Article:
Or, rather, the fiction. Obviously, the character of Eric Rost is a complete fabrication, and if you stick around for the credits, you'll notice that he's played by actor Erik Marcisak, while everyone else is credited "as him/herself." While Marcisak's creepo performance would be commendable in a feature film, from the start he doesn't come off nearly as authentic as Vogel or Zebub, who are both actual underground horror scenesters. Once you figure out the ruse—which doesn't take long—the ensuing drama between Rost and J.T. Petty seems overplayed, even unnecessary. You can see what Petty is trying to do—comment on the way audiences are complicit in onscreen violence by making us watch what we're led to believe is an authentic murder—but the execution, so to speak, ultimately isn't quite seamless enough to sell the illusion.
Still, if you take away the gimmicky premise—"real" horror creeping into a documentary about horror—S&Man prompts some genuine discussion about the multi-faceted psychological effects that the genre has on its audience. "There's a part of every human being that wants to look at the car crash," says Vogel, elucidating only one aspect of the allure of hardcore torture porn. Carol Clover also brings up "the sadistic gaze of the filmmaker and the masochistic gaze of the person into whose eyes these images are going," but even this is a simplification. As the film's title alludes, and as Clover also points out, viewers are often both sadists and masochists, alternately identifying with the power-hungry pleasure of the killer and the pain of the victim. S&Man additionally tackles the roles that gender and point of view have in establishing the relationship between hardcore underground horror and its audience, but what's missing is the perspective of the audience itself. We hear the opinions of filmmakers, sexologists, and criminal pathologists, and even witness the borderline delusional aspirations of a self-professed "scream queen," but Petty never interviews the viewers of fake snuff, the folks who shill out $30-a-pop for cheaply produced DVDs that show graphic simulacrum of torture, rape, and murder. Personally, I'd rather see a documentary about the motivations of the people who attend Chiller Conventions.
S&Man Blu-ray, Video Quality
S&Man is an intentionally ugly film, so you shouldn't expect much from this 1080i/AVC-encoded presentation. The clips from Rost's S&Man series, Vogel's August Underground, and Bill Zebub's Kill the Scream Queen are unmistakably low-rez, sometimes barely transcending VHS quality. The interview segments were presumably shot with high definition video cameras, but even these looks murky, soft, and borderline smeary, with practically no fine detail at all. I wouldn't be surprised to find out the footage was upscaled. Likewise, color is muted, the image looks perpetually washed out, and black levels are never deeper than a grayish sludge. In a documentary like this, any notion of "picture quality" understandably goes right out the window. It simply is what it is, and the best you can say about it is that there are no overly obvious compression or disc hiccups.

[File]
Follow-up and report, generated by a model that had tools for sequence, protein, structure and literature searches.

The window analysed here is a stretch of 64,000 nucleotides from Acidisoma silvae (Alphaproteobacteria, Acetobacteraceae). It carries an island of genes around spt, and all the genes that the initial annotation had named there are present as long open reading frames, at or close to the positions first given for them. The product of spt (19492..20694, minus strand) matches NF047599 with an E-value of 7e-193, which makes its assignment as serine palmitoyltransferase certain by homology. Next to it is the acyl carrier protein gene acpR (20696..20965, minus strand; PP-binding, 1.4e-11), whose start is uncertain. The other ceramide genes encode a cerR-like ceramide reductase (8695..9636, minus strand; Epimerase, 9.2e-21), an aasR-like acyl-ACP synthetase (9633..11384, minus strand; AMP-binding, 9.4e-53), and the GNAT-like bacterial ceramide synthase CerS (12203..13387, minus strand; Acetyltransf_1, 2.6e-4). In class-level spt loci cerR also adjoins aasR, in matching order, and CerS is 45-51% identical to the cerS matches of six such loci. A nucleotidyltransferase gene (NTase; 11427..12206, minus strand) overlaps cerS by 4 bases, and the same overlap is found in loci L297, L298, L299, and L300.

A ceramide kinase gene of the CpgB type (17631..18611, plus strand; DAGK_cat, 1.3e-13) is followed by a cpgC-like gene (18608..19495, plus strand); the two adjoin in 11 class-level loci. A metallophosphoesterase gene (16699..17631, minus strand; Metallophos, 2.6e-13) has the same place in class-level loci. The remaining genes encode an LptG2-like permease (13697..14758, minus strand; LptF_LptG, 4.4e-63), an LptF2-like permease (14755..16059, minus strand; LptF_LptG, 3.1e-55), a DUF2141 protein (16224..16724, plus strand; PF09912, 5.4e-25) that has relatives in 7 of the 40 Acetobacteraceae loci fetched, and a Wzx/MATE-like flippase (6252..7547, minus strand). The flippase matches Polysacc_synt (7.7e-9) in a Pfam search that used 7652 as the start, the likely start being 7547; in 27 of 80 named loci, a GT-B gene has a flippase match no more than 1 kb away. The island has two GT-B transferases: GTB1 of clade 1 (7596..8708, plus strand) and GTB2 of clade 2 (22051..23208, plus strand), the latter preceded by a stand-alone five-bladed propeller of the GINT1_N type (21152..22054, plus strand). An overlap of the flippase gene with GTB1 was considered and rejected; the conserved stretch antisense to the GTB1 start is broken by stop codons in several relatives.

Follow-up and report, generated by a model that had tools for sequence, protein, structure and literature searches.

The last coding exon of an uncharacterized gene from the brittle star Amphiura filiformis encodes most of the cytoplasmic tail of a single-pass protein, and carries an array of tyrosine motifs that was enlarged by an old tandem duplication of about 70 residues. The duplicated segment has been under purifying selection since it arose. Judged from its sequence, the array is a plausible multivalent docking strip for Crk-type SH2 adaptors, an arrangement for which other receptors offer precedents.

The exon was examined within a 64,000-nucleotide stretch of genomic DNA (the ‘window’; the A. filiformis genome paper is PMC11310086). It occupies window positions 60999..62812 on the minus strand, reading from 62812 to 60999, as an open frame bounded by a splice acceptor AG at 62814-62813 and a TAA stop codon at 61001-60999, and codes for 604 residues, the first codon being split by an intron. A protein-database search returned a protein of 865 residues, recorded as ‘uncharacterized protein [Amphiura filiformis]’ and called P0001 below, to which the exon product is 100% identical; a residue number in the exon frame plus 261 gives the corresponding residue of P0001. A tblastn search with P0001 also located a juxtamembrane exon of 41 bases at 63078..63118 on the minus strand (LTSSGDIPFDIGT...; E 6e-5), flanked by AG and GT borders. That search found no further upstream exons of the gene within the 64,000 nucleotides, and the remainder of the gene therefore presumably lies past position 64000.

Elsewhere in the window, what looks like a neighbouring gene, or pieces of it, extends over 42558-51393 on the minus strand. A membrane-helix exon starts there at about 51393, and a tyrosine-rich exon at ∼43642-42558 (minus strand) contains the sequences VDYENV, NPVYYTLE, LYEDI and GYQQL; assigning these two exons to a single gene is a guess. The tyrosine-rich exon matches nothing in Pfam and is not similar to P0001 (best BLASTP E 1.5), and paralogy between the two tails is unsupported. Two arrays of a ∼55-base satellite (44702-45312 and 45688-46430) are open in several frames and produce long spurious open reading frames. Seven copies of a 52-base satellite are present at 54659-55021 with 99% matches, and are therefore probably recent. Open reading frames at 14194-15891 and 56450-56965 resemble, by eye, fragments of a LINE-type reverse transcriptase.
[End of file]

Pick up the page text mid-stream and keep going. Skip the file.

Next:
Note: You may notice some "combing" artifacts in some of the screenshots, but these aren't visible when the image is in motion.
S&Man Blu-ray, Audio Quality
Sound fares slightly better, thanks to a lossless DTS-HD Master Audio 5.1 surround track. Still, the mix never goes beyond "serviceable." J.T. Petty's narration blares out of all speakers equally, meaning his voice takes up residence in the rear channels as well, an odd—but not necessarily ineffective— directorial choice. This is about the extent of the surround usage, aside from some crowd ambience during the Chiller Convention and some isolated atmospheric noises. The score has appropriate clarity and presence—even managing some swelling LFE to underscore the intensity of key moments— and the interview subjects are recorded moderately cleanly. Otherwise, there's not much to say here.
S&Man Blu-ray, Special Features and Extras
There are two commentary tracks here. The first features director J.T. Petty and Eric Rost—the character—squabbling about the film. Essentially, the commentary is a kind of sequel to the film, which is an interesting concept, but it gets tiring quickly. Better is the track with Petty and Erik Marcisak—the actor who plays Rost—as they reveal the ruse and chat frankly about the film's production.
The Complete S&Man 11 (SD, 27:26)
Here, we get to see the entirety of S&Man: Episode 11, in which Eric Rost stalks a woman, sneaks into her apartment to steal bodily fluids and hair, does some hokey voodoo "depersonalization" ritual, and ultimately goes in for the kill.
Deleted and Extended Scenes (SD, 12:28)
A variety of excised clips, most focusing on Rost, including an extended version of the scene where Rost tries to pitch a film to J.T. Petty.
Underground Film Clip (SD, 7:55)
A disturbing clip from Toe Tag Production's August Underground.
S&Man Film Trailers (SD, 3:47)
Brief trailers for five of Eric Rost's S&Man movies.
Theatrical Trailer (1080i, 1:21)
S&Man Blu-ray, Overall Score and Recommendation
Despite a flawed execution of an admittedly provocative premise, S&Man delivers an occasionally insightful dialectic about the psychological nature of horror. Given the extremely graphic subject matter—basically, fake snuff films—this definitely falls into the not for everybody category, but those interested in the seamy independent underbelly of horror filmmaking may want to venture a look.
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S&Man Blu-ray, News and Updates
• S&Man Blu-ray Announced - August 9, 2010
Magnolia Home Entertainment has announced the disturbing 2006 documentary S&Man (pronounced "Sandman") for Blu-ray release on October 12. S&Man exposes the voyeuristic nature of faux snuff films and the desensitizing of modern society. It premiered at the Toronto ...